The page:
Gender Bias and the Myth of Parental Alienation, with Prof. Joan S. Meier
Everyone’s heard of the vengeful ex-wife who accuses her ex-husband of child abuse just to get back at him during a divorce. There’s even a scientific-sounding term for it: parental alienation. But is parental alienation real? And are judges taking allegations of abuse seriously enough? We spoke to Professor Joan Meier from George Washington University Law School who has some, frankly, startling data on the subject. How does alleging abuse affect custody decisions? Is there scientific proof that alienation exists? And what can we do to persuade the courts to do a better job of investigating abuse?
Topics in this episode:
- Realizing children aren’t being protected.
- Junk science: parental alienation syndrome.
- The myth of the vengeful ex-wife.
- Women are not considered as credible as men.
- What the research really show?
- What should the courts be doing?
- Reaction by judges
- What can we do about it?
Joan S. Meier, professor of clinical law at George Washington University Law School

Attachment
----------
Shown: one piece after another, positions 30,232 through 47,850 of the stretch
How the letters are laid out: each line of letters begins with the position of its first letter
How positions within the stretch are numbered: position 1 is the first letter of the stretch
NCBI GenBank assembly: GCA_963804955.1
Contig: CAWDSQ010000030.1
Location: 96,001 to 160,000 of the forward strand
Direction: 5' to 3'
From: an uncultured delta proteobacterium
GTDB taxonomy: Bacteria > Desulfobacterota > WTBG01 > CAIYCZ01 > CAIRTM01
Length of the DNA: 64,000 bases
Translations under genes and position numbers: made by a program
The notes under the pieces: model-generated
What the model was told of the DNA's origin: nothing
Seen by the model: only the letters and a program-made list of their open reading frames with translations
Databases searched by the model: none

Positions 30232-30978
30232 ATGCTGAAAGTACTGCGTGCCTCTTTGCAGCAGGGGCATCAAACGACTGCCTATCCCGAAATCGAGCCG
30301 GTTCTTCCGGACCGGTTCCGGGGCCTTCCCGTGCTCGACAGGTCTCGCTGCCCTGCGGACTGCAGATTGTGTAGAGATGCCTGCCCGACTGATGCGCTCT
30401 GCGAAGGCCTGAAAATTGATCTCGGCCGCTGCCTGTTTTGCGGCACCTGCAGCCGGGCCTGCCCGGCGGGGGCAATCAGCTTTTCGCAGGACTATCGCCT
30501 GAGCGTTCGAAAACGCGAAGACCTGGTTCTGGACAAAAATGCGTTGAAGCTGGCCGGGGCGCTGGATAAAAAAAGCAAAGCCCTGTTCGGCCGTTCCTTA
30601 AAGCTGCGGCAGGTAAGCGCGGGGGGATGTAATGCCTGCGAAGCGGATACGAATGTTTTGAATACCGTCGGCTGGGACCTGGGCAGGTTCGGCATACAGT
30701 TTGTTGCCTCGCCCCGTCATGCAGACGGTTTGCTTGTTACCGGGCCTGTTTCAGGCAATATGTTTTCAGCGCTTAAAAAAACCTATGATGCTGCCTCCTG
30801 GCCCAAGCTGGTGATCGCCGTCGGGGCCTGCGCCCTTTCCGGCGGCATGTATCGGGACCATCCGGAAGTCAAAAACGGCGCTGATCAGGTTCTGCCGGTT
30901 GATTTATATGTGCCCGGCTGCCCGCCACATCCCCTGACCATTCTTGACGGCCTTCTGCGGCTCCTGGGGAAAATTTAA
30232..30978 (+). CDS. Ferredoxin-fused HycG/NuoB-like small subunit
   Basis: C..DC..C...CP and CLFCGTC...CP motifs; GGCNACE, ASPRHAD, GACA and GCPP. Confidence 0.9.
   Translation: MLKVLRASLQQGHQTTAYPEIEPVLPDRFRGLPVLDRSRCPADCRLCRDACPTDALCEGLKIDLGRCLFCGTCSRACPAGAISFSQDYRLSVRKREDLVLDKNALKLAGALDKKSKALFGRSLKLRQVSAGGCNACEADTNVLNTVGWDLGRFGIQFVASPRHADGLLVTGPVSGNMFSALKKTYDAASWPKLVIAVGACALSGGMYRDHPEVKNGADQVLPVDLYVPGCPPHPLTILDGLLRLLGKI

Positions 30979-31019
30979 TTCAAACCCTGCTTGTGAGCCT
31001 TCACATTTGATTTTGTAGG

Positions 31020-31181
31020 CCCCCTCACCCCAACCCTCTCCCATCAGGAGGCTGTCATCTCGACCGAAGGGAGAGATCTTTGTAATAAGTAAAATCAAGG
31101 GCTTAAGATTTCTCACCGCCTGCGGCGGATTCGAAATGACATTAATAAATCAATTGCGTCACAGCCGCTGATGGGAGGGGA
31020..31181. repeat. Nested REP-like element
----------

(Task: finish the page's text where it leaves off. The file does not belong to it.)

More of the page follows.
The study referred to in this episode, “Child Custody Outcomes in Cases Involving Parental Alienation and Abuse Allegations,” and other research by Professor Meier are available on the law school’s website
“‘A gendered trap’: When mothers allege child abuse by fathers, the others often lose custody, study shows,” is a Washington Post article about the study.
Domestic Violence Legal Empowerment and Appeals Project (DV LEAP) provides pro bono appellate representation in compelling domestic violence cases and trains attorneys and courts around the country
DV LEAP’s Legal Resource Library include briefs and court opinions, training materials, publications, links to domestic violence organizations, case digests, and custody resources
Transcript to come.